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Wednesday, February 25, 2009

Wedesday Night Jams featuring Big Wreck

Big Wreck was one of those bands that had a lot going for them.

Their initial release "In Loving Memory Of...." was one of the greatest LPs of the late 90s. Alas, they fell prey to MTV. After heavy rotation of their tracks "That Song" and "Inhale" ( from the bands follow-up album "The Pleasure And The Greed" ) in 1999, early 2000 and 2001, the band disbanded in 2002.

Since Ian Thornley is Canadian, the band's biggest commercial success was in Canada rather than the United States. The album's subsequent singles, "Blown Wide Open" and "That Song", were not as successful on the American charts as "The Oaf" had been, but in Canada they were both Top Ten hits.

In October 2001, Big Wreck played a special show at Toronto's Roy Thomson Hall accompanied by the Toronto Symphony Orchestra and the Uzume Taiko Ensemble of drummers, with The Tragically Hip's Paul Langlois and Robby Baker and guitarist Eric Johnson also making appearances.

The band's second album The Pleasure and the Greed (released in 2001) was marred by poor marketing and was not as big a hit as their debut album, especially in the United States. The band broke up a year later.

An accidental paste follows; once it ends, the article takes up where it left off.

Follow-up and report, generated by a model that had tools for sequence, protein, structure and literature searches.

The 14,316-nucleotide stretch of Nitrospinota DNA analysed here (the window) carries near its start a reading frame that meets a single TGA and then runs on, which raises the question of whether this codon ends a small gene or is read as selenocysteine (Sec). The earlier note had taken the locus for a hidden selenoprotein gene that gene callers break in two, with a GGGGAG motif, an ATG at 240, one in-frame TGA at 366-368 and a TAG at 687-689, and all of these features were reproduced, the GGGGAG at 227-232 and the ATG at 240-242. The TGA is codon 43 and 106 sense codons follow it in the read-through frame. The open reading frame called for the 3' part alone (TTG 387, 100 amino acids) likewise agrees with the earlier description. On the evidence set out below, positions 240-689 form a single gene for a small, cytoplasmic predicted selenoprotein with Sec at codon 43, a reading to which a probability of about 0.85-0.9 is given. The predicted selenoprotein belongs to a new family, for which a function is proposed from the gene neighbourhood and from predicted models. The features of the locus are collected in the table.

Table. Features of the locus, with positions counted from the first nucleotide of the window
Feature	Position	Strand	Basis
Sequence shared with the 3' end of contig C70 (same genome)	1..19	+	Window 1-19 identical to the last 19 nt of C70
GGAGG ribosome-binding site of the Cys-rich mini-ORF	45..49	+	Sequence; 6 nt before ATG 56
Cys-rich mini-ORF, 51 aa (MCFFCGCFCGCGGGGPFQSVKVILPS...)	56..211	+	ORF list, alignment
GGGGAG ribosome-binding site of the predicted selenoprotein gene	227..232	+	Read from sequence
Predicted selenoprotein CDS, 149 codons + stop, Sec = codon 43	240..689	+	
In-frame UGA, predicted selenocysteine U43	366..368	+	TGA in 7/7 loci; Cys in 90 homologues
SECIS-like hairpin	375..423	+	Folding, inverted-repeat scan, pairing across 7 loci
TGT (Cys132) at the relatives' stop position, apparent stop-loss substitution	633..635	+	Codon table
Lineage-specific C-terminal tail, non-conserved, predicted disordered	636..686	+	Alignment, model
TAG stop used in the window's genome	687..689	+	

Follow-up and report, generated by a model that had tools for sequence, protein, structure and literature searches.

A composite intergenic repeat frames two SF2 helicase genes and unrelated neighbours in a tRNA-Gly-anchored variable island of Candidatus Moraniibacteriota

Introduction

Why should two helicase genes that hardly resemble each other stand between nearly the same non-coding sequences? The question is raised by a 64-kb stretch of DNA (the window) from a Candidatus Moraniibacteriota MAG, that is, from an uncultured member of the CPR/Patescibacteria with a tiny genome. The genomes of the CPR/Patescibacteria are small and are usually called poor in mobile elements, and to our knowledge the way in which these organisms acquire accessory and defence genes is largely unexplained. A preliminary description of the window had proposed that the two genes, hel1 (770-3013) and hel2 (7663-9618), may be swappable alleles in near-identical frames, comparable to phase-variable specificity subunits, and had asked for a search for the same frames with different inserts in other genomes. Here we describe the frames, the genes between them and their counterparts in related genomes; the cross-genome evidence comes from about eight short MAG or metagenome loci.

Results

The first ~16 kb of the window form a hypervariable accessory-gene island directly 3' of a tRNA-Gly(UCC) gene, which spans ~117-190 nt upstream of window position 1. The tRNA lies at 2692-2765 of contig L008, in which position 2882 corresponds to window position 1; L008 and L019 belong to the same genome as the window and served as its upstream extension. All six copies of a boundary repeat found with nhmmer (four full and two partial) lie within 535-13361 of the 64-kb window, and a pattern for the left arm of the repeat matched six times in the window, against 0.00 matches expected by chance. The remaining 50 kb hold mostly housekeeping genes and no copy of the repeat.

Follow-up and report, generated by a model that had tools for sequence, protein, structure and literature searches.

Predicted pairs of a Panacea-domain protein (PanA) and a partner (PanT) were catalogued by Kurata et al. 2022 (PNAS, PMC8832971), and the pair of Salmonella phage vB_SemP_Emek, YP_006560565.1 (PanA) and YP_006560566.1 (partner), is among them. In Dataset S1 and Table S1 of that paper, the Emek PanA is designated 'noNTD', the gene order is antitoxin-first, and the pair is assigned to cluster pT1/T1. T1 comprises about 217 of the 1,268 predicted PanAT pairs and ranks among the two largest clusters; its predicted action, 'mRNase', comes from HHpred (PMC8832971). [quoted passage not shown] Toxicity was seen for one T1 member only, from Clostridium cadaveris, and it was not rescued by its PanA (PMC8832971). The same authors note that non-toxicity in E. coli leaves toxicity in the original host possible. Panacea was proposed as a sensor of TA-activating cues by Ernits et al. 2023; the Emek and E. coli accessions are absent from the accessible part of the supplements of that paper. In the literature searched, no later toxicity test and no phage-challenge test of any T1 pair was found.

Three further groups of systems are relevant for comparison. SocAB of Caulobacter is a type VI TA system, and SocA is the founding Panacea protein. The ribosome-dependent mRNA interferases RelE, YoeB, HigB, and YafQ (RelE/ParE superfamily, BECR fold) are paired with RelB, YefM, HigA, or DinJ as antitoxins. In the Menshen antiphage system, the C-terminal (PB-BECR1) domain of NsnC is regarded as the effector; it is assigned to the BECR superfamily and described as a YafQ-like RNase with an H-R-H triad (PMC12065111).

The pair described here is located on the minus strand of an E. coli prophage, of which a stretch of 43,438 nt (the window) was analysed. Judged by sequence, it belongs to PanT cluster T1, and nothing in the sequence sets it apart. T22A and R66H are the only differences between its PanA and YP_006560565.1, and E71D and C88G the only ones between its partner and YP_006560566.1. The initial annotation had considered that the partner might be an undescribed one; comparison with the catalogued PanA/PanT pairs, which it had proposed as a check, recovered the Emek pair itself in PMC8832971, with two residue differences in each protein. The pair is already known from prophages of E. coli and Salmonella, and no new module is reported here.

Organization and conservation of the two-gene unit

Thornley moved back to Toronto, launching the band Thornley. Doherty is now living in Camlachie, a small community near Sarnia, Ontario, and is now teaching guitar to kids in that area. Doherty has also gone on to be in the indie band Death of 8, but the other band members have not yet emerged with new projects.

Hard rock band Submersed and American Idol winner David Cook have both cited the band as an influence.

The track "That Song" not only has a fantastic riff, but Thornley's vocal presence evokes the songs message in an amazingly resonant way: when you lose someone that you love to another, there's always "that song" that play on the radio. You try to tell everyone around you that you're fine, that you'll move on. But you keep listening to that song, because it reminds you of them.

And, from this writer's perspective, it provided more than the occassionaly cold-comfort on more than a few nights.

It skirts the edges of pop, metal, and garage in a way that no other track of it's time did.

( click the links to load the videos from SPIKE's page. The audio from YouTube is all midange and treble and sounds like ass )


Big Wreck's follow-up single was "Inhale". The video lacked the imagry and simplicity of "That Song" and somewhat seemed to be a protoypical video that was showcased on MTV - when and if they did show videos. Perhaps that was the intent of the band and director, but who really knows.

The song itself is wonderful without the accompanying video.

"Blown Wide Open"

A much more fine-tuned track. The video is far less invasive and over-produced as "Inhale", allowing the song and the band to be far more present.

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